Promoting Yourself: The Do’s and Don’ts of Social Media

by Chicago Agent

By Natalie Terchek

Can social media be used to market yourself and your business? According to HubSpot, an online marketing and web analytics company, social media has increased 356 percent in the United States since 2006. With so many users, you have access to all sorts of networks and contacts that are able to help your business. It is easy to find the right people – the difficult part is figuring out the right ways to promote yourself. Here is a list of do’s and don’ts for using Facebook, Twitter and LinkedIn for business:



  1. Create a business page. You can use this for commercial purposes, such as promoting listings and open houses.
  2. Adjust your privacy settings. You have control over what your profile says and who gets to see it. It is a smart idea to adjust your settings so you can be found by anyone, but only your “friends” have access to personal information, such as status updates, photos and wall posts.
  3. Get personal. By posting pictures of your family, pets or any other aspect of your personal life, it helps your friends and potential clients learn more about who you are and engage with you. Just remember that you are always representing yourself to potential employers and clients, so don’t post anything you don’t want them to see.


  1. Go on Facebook with a singular goal of selling. It will have an adverse effect, trust us.
  2. Write only about real estate. People will get bored and stop listening to you. Focus on the community instead, because people will become more interested if it concerns them.
  3. Spend all your time playing games. Games may be fun, but if a client sees that you’ve been playing Farmville or Mafia Wars all day, they will assume you are not doing any work. If you’re going to play games, use your privacy settings to hide the evidence.



  1. Use Twitter to stay informed. You can learn about the latest market-relevant information by following real estate newsmakers.
  2. Engage your followers. Ask your followers questions and for advice, and feel free to reply to any tweets, or retweet interesting and/or valuable information you’ve learned from them.
  3. Post pictures, especially pictures that feature your community. Use a platform like Instagram to help you.


  1. Overpromote yourself. Do not overdo the amount of your participation, or the amount of selling you do in your Twitter posts. And definitely don’t spend all your time talking about your open houses and listings. Keep your tweets subtle.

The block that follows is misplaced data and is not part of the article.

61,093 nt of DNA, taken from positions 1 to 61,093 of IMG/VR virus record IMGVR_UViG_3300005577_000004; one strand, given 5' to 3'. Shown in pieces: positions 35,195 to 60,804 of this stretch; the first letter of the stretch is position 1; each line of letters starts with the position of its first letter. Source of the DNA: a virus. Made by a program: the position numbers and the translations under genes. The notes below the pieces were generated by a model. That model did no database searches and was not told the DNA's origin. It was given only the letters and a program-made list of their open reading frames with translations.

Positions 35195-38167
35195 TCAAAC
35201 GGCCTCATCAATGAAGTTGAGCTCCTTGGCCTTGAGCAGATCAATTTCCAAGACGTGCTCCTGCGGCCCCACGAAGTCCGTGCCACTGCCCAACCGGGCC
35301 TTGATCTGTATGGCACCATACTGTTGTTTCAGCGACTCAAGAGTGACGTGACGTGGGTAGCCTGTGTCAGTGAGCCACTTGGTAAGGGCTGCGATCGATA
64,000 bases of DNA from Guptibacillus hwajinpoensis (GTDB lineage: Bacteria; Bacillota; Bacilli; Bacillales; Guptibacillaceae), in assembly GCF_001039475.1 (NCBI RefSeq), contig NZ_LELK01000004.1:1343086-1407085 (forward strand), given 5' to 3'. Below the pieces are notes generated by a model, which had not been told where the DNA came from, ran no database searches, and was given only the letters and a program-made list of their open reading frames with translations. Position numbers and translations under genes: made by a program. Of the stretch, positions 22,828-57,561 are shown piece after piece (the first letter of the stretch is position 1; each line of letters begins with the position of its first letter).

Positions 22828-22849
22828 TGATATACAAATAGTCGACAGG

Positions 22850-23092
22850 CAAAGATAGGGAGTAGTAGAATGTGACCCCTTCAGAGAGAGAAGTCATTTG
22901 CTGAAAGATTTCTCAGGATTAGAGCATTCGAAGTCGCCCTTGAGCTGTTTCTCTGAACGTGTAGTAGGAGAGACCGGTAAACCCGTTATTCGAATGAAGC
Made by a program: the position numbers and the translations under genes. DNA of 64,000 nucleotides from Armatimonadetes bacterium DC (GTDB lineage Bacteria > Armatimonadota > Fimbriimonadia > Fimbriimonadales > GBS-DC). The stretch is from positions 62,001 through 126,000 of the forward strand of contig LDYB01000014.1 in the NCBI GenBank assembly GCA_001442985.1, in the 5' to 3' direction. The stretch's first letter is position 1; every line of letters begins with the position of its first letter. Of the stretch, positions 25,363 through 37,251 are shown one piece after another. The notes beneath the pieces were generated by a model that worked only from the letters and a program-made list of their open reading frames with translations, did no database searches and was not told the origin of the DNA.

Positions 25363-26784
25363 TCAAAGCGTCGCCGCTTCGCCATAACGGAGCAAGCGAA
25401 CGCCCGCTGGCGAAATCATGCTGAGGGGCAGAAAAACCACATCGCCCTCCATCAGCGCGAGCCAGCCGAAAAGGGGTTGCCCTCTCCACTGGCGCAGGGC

2. Post long tweets. You only get 140 characters to work with, so it is important to learn how to say more with less.
  3. Tweet only links. Don’t tweet just a URL – describe the link you are posting. No one will click on it if they don’t know what it is.



  1. Keep it professional. Unlike Facebook and Twitter, you should think of your LinkedIn profile as your online resume. Lean more towards a professional/business side versus a personal/casual side. If you have one, use a professional headshot as your avatar.
  2. Join groups and network. Use LinkedIn as your networking site to ask for business and referrals. LinkedIn has many groups of people who share a common interest or location; join them and interact with members, and your networking is off to a great start.
  3. Recommend people and ask for recommendations. Recommendations and client testimonials make i apparent that you are an expert in your field and highly qualified.


  1. Confuse quantity with quality. While it is important to make many connections, focus on what kind of people you want to connect with, rather than counting the number of your connections. Connect with people who will be able to offer you opportunities.
  2. Keep your profile private. Unlike Facebook, you want your LinkedIn profile to be a page you can show off to employers. Adjust your settings to make it easy for people to view your profile and connect with you.
  3. Forget to check your spelling and grammar. Once again, treat your profile like a resume. If you’re not careful enough to correct your spelling, future clients and employers might interpret this as not being careful enough to finish a job.

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